Then, to address some usability issues due to our enemies blending into the background, I added a rim light effect driven by the camera.

To keep things inexpensive, the enemies only used the rim lighting while th main character used the full shader network.

Here are some screen shots of the shaders in application and the skin shader network.

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Dark Void: Shaders

For Dark Void, we resolved visibility issues with the enemies by making them visually lighter on screen and no longer needed a rim light effect. That said, we were suffereing from a different problem with our main characters visuals.

The third person camera along with the dark colors of the main characters clothing combined with the dark environments and the single dominant light source meant you spent most of the time looking at the back of a very flatly lit character. Almost all detail in the shadows areas was completely lost and the character looked awful.

For some rather complicated reasons, the only viable solution was to come up with a custom lighting model for the main character. Since the tech team was unavailable for this effort and we needed a solution in place before our E3 unveiling, I created a more mature and robust version of the skin shader I had developed for The Black Cloud that we could use to simulate different materials, but more importantly, would help bring detail back in to the shadow areas of our character so he did not look so flat.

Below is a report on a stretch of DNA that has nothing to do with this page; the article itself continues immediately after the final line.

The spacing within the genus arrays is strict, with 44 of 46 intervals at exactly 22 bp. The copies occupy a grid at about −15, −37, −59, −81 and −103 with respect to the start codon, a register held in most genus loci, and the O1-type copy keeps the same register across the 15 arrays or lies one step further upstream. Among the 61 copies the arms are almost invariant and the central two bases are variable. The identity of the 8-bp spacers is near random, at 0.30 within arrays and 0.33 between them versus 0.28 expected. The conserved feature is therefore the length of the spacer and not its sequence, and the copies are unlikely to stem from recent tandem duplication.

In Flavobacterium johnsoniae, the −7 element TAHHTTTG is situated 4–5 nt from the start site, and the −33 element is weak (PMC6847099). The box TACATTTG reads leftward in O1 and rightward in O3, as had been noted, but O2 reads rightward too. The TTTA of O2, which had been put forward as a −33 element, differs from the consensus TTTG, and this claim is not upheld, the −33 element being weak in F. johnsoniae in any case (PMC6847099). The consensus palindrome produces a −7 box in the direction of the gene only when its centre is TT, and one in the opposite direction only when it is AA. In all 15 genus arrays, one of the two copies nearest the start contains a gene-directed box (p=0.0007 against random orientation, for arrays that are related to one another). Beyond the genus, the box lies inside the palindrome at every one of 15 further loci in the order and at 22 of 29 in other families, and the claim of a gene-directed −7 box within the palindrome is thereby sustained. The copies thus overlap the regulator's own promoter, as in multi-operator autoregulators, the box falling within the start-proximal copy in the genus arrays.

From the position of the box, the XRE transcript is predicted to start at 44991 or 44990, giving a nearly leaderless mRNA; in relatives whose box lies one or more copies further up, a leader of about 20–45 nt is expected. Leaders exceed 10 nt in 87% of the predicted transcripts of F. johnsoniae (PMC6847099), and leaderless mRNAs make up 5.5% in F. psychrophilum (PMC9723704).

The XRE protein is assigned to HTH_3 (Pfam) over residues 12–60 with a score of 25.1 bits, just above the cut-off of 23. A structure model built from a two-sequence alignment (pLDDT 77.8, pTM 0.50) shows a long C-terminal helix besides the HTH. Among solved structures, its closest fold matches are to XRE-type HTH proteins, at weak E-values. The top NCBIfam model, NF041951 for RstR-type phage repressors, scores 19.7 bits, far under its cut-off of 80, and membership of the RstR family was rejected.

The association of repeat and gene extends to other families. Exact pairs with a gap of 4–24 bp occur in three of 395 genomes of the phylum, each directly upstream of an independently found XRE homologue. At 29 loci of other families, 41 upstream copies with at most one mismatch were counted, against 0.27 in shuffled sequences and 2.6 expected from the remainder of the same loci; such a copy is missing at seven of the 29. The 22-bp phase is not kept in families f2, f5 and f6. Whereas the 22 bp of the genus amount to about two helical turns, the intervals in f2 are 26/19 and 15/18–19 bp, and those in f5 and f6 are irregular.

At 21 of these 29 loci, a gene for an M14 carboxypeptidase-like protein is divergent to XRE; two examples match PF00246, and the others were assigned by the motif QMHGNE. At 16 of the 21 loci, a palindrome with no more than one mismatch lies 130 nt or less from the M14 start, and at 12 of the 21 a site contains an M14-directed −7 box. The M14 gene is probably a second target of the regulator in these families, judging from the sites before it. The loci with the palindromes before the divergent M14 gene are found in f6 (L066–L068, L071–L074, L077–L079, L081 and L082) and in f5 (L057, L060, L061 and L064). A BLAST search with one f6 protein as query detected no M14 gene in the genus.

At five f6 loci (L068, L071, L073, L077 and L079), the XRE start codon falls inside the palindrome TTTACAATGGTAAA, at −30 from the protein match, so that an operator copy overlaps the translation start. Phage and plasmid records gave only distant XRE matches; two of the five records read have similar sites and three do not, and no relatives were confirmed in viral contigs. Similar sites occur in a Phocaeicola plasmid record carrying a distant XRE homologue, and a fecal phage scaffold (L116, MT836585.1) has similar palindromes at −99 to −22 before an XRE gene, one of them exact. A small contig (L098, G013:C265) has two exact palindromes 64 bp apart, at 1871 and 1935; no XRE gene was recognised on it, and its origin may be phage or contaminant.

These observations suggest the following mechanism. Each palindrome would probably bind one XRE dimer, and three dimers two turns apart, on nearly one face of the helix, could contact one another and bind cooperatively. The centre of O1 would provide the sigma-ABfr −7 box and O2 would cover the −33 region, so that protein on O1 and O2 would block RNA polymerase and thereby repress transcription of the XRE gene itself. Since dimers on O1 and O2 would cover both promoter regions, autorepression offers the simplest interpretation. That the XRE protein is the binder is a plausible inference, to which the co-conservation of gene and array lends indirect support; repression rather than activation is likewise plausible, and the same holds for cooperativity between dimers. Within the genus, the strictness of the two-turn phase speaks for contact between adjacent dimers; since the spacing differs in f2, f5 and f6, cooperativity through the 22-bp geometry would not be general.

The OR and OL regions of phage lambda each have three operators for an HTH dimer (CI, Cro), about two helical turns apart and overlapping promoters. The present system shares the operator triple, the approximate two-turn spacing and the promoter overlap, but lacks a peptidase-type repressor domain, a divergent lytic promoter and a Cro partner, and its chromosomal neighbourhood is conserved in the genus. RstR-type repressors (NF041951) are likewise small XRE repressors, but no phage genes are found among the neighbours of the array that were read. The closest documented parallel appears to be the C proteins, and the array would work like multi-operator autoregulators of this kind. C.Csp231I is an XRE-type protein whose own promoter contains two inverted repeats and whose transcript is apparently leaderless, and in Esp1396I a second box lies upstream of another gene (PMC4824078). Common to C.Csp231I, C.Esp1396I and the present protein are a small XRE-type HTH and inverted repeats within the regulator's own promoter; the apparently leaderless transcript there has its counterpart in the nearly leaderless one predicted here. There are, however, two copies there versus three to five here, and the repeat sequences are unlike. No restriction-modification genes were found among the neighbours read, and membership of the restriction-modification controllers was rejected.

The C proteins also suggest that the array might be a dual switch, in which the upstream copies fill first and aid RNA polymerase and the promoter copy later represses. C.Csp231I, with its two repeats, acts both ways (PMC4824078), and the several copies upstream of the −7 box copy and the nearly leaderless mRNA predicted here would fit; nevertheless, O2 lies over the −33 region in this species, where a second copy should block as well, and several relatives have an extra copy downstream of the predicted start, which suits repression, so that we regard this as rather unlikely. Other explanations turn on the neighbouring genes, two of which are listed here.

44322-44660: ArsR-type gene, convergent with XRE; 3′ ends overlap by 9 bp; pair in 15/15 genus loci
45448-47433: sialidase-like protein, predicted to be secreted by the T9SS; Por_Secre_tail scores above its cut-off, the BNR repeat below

Here are some before and after screen shots and a video showing the effects of a moving light source. You can see that the shader didn’t have much impact in the lit areas, but there is much better shadow definition and secondary highlights when the character is fully shadowed.

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The Element: Shaders

The Element was mainly an internal hallway shooter, but some missions would take you external as well and since we didn’t want loading screens, we needed to be very cautious about how we created a world that felt real and expansive, but would allow a seamless transition from one environment to the next.

One of the environments we needed to create was Time Square, complete with Jumbotrons and skyscrapers, for a helicopter flythrough and a rooftop landing. The buildings surrounding the characters path needed to be convincing, but cost effective.

One of the shaders and accompanying texture sets I created helped make an otherwise flat looking sky scraper look like it had an internal structure to it as well, allowing you to actually look inside the building as you flew past it.

The shader used a couple small tiling textures, one for the base windows, another to simulate internal lighting of some of the window, an overall shared grime texture to help hide some tiling, an environment map and a bump offset to simulate the interior.

Overall the shader was incredibly effective and gave the illusion that the buildings had an interior to them instead of being a flat and uninteresting surface. Here are some screen shots of one of the buildings and a short video of the shader in the editor showing the parallax effect in application.